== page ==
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Allan Hills A77009
Basic information Name: Allan Hills A77009
     This is an OFFICIAL meteorite name.
Abbreviation: ALHA77009
This meteorite may also be called Allan Hills 77009 (ALH 77009) in publications.

Observed fall: No
Year found: 1977
Country: Antarctica [Collected jointly by ANSMET (US) and NIPR (Japan)]
Mass:help 236 g
Antarctic Meteorite Newsletter:  AMN 3(1)  (1980)  H4
Meteoritical Bulletin:  MB 76  (1994)  H4
NHM Catalogue:  5th Edition  (2000)  H4
NIPR Catalogue:  2000 Edition  (2000)  H4
MetBase:  v. 7.1  (2006)  H4
Recommended:  H4    [explanation]

This is 1 of 6415 approved meteorites (plus 2 unapproved names) classified as H4.   [show all]
Search for other: H chondrites, H chondrites (type 4-7), Ordinary chondrites, and Ordinary chondrites (type 4-7)
Writeup from AMN 3(1):
This text was reprinted from AMN 3(1) in AMN 4(1). In some cases, it may be an updated version from the original.

Sample No.: ALHA77009

Location: Allan Hills

Field No.: 77122943

Weight (gms): 235.5

Meteorite Type: H4 Chondrite


Physical Description:

This is a complete specimen with fusion crust missing only on the corners and one small area on the T surface. The fusion crust, where present, is approximately 0.5 mm thick and black. On the surfaces not covered by fusion crust, many weathered inclusions are present. An ~0.5 cm green inclusion, that appears to radiate, is present on the T surface. Much of the interior of the sample has weathered to a reddish-brown. Dimensions: ~6.5x4.5x4.3 cm.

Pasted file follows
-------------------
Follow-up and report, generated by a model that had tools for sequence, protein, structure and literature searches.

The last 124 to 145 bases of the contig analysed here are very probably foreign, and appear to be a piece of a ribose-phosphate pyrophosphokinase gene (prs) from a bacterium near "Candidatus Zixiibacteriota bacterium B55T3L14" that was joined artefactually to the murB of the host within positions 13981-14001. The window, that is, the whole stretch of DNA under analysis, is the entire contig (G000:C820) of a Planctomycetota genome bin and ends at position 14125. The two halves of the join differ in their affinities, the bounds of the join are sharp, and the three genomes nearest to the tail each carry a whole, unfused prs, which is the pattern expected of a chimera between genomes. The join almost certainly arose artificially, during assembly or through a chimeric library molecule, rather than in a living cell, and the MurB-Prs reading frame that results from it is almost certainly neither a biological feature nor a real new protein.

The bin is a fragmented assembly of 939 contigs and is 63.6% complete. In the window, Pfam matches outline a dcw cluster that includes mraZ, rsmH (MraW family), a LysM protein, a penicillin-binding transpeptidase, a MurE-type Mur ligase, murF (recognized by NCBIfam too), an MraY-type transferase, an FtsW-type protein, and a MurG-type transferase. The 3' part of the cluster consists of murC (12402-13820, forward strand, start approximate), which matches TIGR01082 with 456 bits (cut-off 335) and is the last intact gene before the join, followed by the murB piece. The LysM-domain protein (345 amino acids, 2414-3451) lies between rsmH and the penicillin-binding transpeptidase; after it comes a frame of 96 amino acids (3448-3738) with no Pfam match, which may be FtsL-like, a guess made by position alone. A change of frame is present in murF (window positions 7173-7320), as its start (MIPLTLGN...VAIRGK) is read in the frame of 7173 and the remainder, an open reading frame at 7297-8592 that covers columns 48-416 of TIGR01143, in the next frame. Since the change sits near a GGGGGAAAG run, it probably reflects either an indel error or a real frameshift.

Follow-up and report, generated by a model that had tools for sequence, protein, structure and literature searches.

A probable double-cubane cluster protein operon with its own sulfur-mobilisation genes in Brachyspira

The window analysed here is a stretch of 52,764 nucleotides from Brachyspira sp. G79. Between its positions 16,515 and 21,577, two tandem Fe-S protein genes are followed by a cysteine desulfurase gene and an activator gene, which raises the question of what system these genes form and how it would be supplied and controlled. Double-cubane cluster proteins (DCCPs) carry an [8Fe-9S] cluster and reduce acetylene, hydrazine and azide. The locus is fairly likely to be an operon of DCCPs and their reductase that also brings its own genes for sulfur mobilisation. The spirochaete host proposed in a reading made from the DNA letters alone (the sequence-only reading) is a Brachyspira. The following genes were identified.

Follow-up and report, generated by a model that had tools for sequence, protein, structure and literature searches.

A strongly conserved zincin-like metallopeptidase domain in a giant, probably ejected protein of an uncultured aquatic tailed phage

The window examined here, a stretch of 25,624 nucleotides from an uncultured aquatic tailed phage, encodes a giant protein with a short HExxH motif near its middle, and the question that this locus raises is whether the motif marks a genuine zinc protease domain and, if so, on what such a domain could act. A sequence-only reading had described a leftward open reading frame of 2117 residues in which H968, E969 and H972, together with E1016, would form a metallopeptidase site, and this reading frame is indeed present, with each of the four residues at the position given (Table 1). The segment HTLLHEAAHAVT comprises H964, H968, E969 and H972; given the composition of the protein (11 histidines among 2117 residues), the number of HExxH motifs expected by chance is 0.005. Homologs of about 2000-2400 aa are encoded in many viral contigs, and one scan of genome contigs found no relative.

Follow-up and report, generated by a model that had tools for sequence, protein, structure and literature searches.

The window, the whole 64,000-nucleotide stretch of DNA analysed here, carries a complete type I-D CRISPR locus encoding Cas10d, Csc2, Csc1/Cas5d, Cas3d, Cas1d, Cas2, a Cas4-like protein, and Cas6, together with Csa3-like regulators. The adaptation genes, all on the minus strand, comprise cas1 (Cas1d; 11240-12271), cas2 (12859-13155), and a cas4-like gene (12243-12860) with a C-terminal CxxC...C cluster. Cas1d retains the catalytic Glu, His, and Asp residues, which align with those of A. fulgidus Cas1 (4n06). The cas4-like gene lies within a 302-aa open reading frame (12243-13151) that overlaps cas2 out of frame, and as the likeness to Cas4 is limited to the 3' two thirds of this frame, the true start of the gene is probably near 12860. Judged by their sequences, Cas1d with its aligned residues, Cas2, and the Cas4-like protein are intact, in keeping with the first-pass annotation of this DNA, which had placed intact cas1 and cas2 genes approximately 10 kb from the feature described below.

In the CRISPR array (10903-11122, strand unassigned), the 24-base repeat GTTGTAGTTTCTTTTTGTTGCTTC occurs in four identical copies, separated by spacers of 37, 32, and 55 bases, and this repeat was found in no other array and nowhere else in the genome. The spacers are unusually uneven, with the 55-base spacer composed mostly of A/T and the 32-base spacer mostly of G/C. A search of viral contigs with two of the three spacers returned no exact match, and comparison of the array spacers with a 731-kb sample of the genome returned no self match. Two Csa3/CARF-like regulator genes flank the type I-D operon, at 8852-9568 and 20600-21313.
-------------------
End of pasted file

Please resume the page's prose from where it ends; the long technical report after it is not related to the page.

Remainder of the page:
Petrographic Description: Brian Mason

Chondritic structure is prominent. The usual variety of chondrule types is present, the commonest being barred olivine, granular olivine, and fine-grained radiating pyroxene. In a few of the barred chondrules the bars between the olivine are transparent brown glass, but in most the bars are turbid and devitrified. Some of the pyroxene is polysynthetically twinned clinobronzite. The groundmass between the chondrules consists of granular olivine and pyroxene, with minor amounts of nickel-iron and troilite. Remnants of fusion crust are present on one edge of the section. Microprobe analyses show olivine (Fa18) and pyroxene (Fs16) of essentially uniform composition. The meteorite is classified as an H4 chondrite.

Data from:
  Table 2
  Line 17:
Origin or pseudonym:Main icefield
Mass (g):235.5
Weathering grade:C
Fayalite (mol%):18
Ferrosilite (mol%):16
Comments:26Al=32±2; 77009 pairing group
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References: Published in Antarctic Meteorite Newsletter 3(1) (1980), JSC, Houston
Published in Meteoritical Bulletin, no. 76, Meteoritics 29, 100-143 (1994)
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     Catalogue of Meteorites:   (76° 43'S, 159° 40'E)
     Recommended::   (76° 43'S, 159° 40'E)

     This is 1 of 43856 approved meteorites from Antarctica (plus 3802 unapproved names)
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